The following is a screen shot of the Paint Synthesizer Evolution help page in the built in Help Browser in Studio Artist. Many people are unaware of the existence of the different paint synthesizer memories, let alone all of the different things you can use them for. So this post will take a quick look at some different things you can do with them.
The 2nd gallery image above shows the PaintSynth Evolution link you can press on the main home page in the built in Help Browser. Pressing the PaintSynth Evolution link will take you to the Paint Synthesizer Evolution help page displayed in the 1st gallery image above. That screen shot shows just the very top of the paint synthesizer evolution help page, which is much bigger and contains all kinds of different and useful active command links.
The 4 Paint Synthesizer Patch Memories can be thought of as recallable memories that store all of the editable parameter settings associated with the current paint preset. You can access the various paint synthesizer memories via the Edit : Paint Synthesizer menu commands (as shown below).
The menu structure shown above gives a nice overview of the different paint synthesizer memories available in Studio Artist. All of the different paint synthesizer memories detailed in the menu structure above are also available for use on the Paint Synthesizer Evolution help pages (via active command links).
In the discussion in this post I will use the term Patch (as opposed to Preset). Think of a preset as a specific file stored on your computer that contains all of the parameter settings for a paint tool. A Patch also stores all of the parameter settings that make up a complete paint tool, but is stored in the computers memory as opposed to in a specific file on disk. So paint presets reference a specific file on disk (containing a complete set of paint parameters), while paint patch memories are not stored in any specific preset file, nor do they reference any specific preset file by name or file location on disk. The various paint synthesizer patch memories are saved and restored when you quit and restart the program via the main Studio Artist preferences file.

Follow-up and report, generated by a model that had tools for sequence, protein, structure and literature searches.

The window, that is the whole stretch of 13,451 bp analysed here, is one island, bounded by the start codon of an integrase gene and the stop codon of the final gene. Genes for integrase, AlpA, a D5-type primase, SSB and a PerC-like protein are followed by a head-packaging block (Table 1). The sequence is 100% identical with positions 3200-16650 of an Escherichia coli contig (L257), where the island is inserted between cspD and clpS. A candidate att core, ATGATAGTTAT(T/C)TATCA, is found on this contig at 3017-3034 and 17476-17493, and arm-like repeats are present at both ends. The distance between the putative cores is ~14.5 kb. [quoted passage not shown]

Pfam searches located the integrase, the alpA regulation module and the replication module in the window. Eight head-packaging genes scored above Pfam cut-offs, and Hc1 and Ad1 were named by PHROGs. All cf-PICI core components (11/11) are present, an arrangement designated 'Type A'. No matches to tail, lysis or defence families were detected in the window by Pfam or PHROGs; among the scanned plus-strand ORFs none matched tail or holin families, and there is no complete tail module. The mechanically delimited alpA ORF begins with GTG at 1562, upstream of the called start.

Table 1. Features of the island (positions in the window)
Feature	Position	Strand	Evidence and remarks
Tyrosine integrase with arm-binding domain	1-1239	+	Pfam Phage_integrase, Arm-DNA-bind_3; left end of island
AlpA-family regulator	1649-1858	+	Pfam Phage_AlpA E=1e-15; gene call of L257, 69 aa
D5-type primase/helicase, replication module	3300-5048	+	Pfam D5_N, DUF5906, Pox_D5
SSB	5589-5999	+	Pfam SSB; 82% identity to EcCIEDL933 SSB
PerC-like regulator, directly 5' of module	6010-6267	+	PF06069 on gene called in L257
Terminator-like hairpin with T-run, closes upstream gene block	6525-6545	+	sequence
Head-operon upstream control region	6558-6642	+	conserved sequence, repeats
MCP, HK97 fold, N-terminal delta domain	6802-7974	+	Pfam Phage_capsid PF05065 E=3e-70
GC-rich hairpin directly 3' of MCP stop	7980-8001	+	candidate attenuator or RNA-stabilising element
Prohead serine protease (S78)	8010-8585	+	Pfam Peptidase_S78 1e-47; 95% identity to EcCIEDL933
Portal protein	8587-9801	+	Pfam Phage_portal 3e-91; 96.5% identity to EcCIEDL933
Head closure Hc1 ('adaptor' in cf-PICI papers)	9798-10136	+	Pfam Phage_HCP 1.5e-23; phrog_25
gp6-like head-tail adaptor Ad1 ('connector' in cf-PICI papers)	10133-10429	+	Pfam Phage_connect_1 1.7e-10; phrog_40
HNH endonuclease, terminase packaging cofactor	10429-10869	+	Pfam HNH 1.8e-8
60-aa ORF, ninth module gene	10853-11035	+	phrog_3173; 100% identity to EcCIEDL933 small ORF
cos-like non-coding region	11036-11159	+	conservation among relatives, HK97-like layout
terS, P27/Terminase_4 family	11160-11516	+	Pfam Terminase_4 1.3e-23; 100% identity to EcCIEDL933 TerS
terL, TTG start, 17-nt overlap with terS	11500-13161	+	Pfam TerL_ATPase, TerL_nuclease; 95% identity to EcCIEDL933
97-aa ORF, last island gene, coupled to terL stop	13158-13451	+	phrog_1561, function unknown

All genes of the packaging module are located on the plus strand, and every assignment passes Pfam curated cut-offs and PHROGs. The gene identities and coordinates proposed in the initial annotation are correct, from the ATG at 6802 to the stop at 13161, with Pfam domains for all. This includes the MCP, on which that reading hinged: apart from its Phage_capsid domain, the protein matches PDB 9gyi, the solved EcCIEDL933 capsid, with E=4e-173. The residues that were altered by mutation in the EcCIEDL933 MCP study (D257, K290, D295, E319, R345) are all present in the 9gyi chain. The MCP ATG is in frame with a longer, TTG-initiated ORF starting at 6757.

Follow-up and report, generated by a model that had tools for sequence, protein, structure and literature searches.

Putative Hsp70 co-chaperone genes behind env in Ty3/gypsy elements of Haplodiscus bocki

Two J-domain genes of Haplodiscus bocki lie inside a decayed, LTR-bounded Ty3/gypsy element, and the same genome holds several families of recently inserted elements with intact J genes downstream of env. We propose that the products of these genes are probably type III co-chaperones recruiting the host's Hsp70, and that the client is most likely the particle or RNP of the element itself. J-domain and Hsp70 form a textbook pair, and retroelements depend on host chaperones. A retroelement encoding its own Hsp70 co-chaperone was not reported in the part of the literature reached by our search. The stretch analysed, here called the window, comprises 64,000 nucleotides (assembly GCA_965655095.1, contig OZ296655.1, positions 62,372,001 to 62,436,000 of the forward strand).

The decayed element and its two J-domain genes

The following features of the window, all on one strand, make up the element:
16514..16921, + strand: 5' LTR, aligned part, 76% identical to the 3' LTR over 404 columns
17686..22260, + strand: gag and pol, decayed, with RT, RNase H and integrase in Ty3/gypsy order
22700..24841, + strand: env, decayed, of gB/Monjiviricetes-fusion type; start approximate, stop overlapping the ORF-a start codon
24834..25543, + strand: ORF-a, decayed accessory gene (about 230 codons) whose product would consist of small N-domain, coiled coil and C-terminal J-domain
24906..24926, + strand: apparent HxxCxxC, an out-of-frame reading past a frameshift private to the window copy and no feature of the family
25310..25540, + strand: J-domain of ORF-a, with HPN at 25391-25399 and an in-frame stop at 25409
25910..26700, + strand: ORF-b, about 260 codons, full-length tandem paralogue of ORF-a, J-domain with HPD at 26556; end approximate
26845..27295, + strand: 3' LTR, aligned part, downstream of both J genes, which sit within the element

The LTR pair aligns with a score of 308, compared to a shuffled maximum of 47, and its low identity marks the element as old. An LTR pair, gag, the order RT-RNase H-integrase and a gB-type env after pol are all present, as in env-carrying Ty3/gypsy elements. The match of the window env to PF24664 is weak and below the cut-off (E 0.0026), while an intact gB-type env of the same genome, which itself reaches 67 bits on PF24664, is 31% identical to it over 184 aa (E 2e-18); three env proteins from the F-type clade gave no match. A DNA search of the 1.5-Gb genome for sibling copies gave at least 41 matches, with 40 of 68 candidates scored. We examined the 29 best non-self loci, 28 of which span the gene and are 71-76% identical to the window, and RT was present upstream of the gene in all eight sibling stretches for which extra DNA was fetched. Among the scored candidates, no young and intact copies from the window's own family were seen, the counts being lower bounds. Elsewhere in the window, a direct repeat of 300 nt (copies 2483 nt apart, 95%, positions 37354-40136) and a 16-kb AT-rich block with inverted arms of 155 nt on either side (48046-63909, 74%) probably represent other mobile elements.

When you load a paint preset into the paint synthesizer, any changes you make to the paint synthesizer controls are not made to the associated paint preset file, unless you explicicly export them to that file. You can use the File : Export : Export Paint Synthesizer menu command to export the current paint synthesizer settings to a paint preset file. You can also option click the current preset icon as a shortcut to save any changes you have made to any Editor parameters associated with a loaded preset. A dialog comes up asking you if you want to save your edited changes to the current preset file, press OK if you indeed do wish to do that.
The Pen Eraser memory stores a paint patch that is switched to when you use the eraser tip end of a Wacom pen. If you are working with a mouse or pen that does not contain an eraser tip, you can hold down the e hotkey before mousing down to draw, and the eraser patch will be temporarily loaded into the drawing tool.
The menu commands associated with all of the paint synthesizer menu’s discussed in this section have menu commands to Record and to Play. Recording a paint synthesizer memory takes the contents of the current paint synthesizer settings and stores all of the associated parameter settings in the associated paint synthesizer memory. Playing a paint synthesizer memory takes the parameter settings stored in the memory and sets the synthesizer to those settings. What I mean by this is that the paint synthesizer controls are set to those settings, and the edit status label associated with the current paint preset will change from active to edited. The settings stored in the current paint preset file remain unaffected by playing a paint synthesizer memory. You would need to explicitly export the new settings to that preset file to overwrite the old ones stored in it.